ISIS has been the name many of us have come to use over the summer as this terrorist group has come to prominence. The group is also referred to as IS or ISIL, by many government leaders.
But why discuss it at all? Should it matter what an extremist group calls itself? Shouldn’t people be focusing on what means they are using to achieve their ends?
According to Jonah Blank, a former staffer at the Senate Foreign Relations Committee, “the militant organization is waging a propaganda war—and what name it goes by is part of that war.”
This group seeks to reestablish a caliphate, a mecca for Sunni Muslims all over the world run by a supreme religious and political leader. The calphi are older societies, the last of which died out with the Ottoman Empire. They are seen as the Golden Age of Islam. Muslims were at the cutting edge of art and technology. They also controlled vast amounts of political and economic power at this time.
The current attempt of reestablishment has taken place in western Iraq, eastern Syria, parts of Jordan and Turkey. This location has caused the name ISIS to become the front runner. It stands for Islamic State in Iraq and Syria, but the “Syria” they refer to is Greater Syria. Greater Syria is referred to by many as al-Sham in Arabic.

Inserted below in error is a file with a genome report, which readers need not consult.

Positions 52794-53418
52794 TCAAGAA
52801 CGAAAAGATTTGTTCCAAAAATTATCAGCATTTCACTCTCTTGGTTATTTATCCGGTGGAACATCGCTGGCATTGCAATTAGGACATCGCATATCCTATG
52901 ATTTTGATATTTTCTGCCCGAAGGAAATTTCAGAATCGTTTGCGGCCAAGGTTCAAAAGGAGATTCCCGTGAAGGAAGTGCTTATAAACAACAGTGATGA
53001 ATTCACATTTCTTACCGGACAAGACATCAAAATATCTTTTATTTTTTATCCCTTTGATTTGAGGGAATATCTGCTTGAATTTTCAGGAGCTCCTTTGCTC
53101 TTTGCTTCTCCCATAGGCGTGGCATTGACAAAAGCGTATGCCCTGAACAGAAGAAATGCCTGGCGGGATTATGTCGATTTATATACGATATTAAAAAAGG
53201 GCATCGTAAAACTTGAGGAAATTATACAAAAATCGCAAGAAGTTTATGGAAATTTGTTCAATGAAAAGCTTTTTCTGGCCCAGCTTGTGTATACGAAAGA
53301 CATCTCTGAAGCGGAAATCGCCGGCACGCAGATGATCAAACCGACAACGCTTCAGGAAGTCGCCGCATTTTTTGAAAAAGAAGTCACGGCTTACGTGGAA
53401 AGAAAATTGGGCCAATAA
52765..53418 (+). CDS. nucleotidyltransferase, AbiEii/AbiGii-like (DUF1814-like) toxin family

Al-Sham “is the classical Arabic term for Damascus and its hinterlands, and over time, it came to denote the area between the Mediterranean and the Euphrates, south of the Taurus Mountains and north of Arabian desert.”
The Obama Administration has translated the al-Sham differently to mean “the Levant” hence the president’s use of ISIL. It doesn’t have the lengthy explanation of greater Syria, but, more importantly, it also weakens the credibility of the terrorist group in a time when they are trying to recruit supporters.
As The New York Times explains again, the term Levant is “a once-common term that now has something of an antique whiff about it, like ‘the Orient.’ Many Arab nationalists and Islamist radicals disdain it.”
It seems that the President’s administration has come to agree with Jonah Blank. He looks to discredit them openly, causing confusion in the Middle East. This confusion seems to be taking effect. Many Muslims have already turned their back on the idea of a caliphate, as many have well an established mufti, who is the highest legal authority, giving rulings on practice for the state.
Its name is become confusing, and ISIL cannot seem to decide what to call itself. Islamic scholar Juan Cole says ISISL has no real support beyond their own followers and has no real prospect of gaining the respect of the greater Sunni Muslim community. It seems that its fall might come from internal factors that the U.S. can observe and comment on from afar.
– Frederick Wood II